Note: that “de-identified data” according to HIPAA may be identifiable according to the DHHS definition of “Human Subjects” above. Please consult “Human Research Determination Worksheet” for clarification and contact the IRB Office with any questions regarding research with data.

  • Program Evaluation/Quality Assurance Review/Quality Improvement Project: The activity is limited to program evaluation, quality assurance, or quality improvement activities designed specifically to evaluate, assure, or improve performance within a department, classroom, or hospital setting. Note: The purpose of a QA study is to assure known quality. The purpose of Program Evaluation (PE) is to assess that a program is doing what it is intended to do. Generally QI is designed for the purpose of improving the quality of a service, a program, a process, etc. A QA, QI or PE study should present NO CHANGE in RISK to participants. These studies are mechanisms to assure that a service, a program or process functions optimally. Such projects are usually for internal auditing purposes only.  Please see “IRB Guidance: Quality Improvement (QI)/Program Evaluation (PE) Decision Tree & Explanation” in the Guidance Information section for detailed information.

If you can answer “yes” to all of the following questions, the activity is most likely not human research:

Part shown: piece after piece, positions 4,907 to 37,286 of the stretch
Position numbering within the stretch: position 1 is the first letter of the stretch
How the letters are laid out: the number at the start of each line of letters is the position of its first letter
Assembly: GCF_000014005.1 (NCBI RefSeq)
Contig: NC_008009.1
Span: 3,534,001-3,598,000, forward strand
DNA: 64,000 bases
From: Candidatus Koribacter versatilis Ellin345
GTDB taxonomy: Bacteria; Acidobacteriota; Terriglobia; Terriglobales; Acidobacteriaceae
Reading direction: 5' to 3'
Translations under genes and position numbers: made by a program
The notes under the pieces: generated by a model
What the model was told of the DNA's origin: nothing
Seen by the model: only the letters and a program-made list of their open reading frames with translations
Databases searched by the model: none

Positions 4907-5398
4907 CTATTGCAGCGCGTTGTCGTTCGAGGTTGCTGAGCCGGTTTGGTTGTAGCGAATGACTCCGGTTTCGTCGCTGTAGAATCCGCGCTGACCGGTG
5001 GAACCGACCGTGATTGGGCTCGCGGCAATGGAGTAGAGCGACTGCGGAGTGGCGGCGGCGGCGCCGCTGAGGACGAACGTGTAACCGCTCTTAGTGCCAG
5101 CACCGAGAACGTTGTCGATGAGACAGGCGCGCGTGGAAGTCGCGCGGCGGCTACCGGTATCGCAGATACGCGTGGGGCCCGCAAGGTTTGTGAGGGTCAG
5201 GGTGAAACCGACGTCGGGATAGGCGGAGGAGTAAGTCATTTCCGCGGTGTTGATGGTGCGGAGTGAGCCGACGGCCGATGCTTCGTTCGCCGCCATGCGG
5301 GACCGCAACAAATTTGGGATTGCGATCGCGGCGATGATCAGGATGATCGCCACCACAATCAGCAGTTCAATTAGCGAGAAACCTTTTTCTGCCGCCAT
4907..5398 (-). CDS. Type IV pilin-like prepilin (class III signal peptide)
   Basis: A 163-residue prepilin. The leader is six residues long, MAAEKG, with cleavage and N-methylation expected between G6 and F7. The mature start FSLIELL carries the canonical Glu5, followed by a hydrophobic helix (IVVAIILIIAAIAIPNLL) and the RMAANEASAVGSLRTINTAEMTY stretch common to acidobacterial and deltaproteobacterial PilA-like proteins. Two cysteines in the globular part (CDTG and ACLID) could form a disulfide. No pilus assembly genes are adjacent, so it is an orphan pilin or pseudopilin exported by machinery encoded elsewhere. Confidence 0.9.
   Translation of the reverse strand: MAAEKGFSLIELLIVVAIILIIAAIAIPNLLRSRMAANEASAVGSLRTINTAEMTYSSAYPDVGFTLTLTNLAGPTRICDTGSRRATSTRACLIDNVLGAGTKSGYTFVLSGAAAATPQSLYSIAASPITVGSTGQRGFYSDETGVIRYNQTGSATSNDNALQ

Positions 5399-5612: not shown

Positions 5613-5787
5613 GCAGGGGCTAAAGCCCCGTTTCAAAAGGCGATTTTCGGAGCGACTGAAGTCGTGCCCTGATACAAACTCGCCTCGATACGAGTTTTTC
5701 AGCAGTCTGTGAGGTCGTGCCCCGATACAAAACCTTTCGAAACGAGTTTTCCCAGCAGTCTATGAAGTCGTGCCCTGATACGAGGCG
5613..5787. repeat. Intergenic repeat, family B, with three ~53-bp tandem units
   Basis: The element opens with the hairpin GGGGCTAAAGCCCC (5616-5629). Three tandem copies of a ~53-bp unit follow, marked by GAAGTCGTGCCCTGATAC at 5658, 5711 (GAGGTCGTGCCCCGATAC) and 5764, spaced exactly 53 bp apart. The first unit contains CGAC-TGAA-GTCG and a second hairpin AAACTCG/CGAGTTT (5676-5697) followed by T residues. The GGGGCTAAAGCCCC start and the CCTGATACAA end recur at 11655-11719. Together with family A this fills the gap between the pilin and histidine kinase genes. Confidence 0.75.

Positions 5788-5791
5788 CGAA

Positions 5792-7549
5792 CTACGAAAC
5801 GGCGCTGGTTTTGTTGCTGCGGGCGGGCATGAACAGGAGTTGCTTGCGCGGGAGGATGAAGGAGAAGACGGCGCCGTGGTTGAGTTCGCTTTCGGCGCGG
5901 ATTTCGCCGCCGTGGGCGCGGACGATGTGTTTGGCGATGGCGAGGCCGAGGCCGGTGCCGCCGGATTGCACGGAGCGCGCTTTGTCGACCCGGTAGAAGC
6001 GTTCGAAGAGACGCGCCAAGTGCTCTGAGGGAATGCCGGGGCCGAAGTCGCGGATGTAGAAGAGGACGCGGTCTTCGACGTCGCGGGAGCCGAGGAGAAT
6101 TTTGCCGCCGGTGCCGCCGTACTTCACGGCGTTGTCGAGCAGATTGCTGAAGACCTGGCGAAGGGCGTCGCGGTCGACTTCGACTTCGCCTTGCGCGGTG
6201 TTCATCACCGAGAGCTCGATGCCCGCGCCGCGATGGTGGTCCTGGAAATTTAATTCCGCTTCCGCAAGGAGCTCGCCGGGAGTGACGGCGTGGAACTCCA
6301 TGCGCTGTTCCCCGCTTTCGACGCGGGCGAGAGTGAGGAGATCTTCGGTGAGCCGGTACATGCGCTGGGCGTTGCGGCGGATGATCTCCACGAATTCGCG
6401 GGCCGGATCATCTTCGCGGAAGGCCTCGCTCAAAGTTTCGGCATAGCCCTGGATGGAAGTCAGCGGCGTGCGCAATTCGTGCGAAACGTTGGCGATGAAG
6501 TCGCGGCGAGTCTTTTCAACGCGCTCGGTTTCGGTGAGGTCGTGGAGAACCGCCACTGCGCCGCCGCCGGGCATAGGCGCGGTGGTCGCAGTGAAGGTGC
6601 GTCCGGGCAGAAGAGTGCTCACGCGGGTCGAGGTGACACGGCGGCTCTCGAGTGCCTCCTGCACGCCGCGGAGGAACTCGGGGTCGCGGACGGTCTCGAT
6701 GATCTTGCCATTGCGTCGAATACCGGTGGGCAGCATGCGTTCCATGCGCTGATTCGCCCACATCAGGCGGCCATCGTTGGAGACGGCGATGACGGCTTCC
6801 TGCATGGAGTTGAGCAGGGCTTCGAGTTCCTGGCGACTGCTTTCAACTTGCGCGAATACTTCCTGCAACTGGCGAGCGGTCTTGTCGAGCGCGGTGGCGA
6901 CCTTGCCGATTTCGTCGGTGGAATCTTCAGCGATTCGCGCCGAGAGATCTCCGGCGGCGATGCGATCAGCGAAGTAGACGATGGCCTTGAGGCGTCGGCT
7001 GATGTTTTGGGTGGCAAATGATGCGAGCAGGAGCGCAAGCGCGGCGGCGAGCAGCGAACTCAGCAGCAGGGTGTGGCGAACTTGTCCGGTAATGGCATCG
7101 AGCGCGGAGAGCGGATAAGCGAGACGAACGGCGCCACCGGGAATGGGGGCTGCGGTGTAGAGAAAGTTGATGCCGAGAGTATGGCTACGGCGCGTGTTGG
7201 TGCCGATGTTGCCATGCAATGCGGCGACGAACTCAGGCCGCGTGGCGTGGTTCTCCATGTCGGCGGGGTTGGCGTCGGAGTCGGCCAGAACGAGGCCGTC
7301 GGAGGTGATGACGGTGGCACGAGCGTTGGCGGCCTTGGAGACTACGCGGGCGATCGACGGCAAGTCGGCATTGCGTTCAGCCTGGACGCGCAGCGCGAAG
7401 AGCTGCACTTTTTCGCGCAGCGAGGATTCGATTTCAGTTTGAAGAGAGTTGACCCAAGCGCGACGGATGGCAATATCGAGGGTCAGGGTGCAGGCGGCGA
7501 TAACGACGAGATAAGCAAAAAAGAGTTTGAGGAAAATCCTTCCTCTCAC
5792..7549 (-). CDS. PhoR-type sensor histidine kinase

1. Will you simply monitor an existing process for which there will be no manipulation of the existing process?
  2. For biomedical or Social Behavioral QA or PE studies, will physicians or caregivers (parents, teachers, therapists, etc.) provide usual and customary care regardless of the conduct of the study?
  3. Does the study involve collection of data to which the investigator routinely has access as part of his or her responsibilities within the institution to monitor data associated with, for example: treatment, cost containment, performance, or compliance?

Note: an evaluation, assurance review, or improvement project designed specifically for a particular setting may yield useful information for similar entities, and may still not meet one of the definitions for Human Research.

  • Case Report: The project consists of a case report or series which describes an interesting treatment, presentation, or outcome. A critical component is that nothing was done to the patient(s) with prior “research” intent.
    Note: HIPAA or other state or local laws may still apply to this activity. Please consult the entity from which you received or accessed the information contained in the report for further guidance.
  • Course-Related Activity: The project is limited to one or more course-related activities designed specifically for educational or teaching purposes where data are collected from and about students as part of routine class exercises or assignments and otherwise do not meet either of the definitions of Human Research in Section 1.0.
    Note: some course-related activities, even those conducted by students, may yield information suggesting additional investigation or analysis. If an additional activity entails Human Research, then it must be submitted to the IRB Office for review.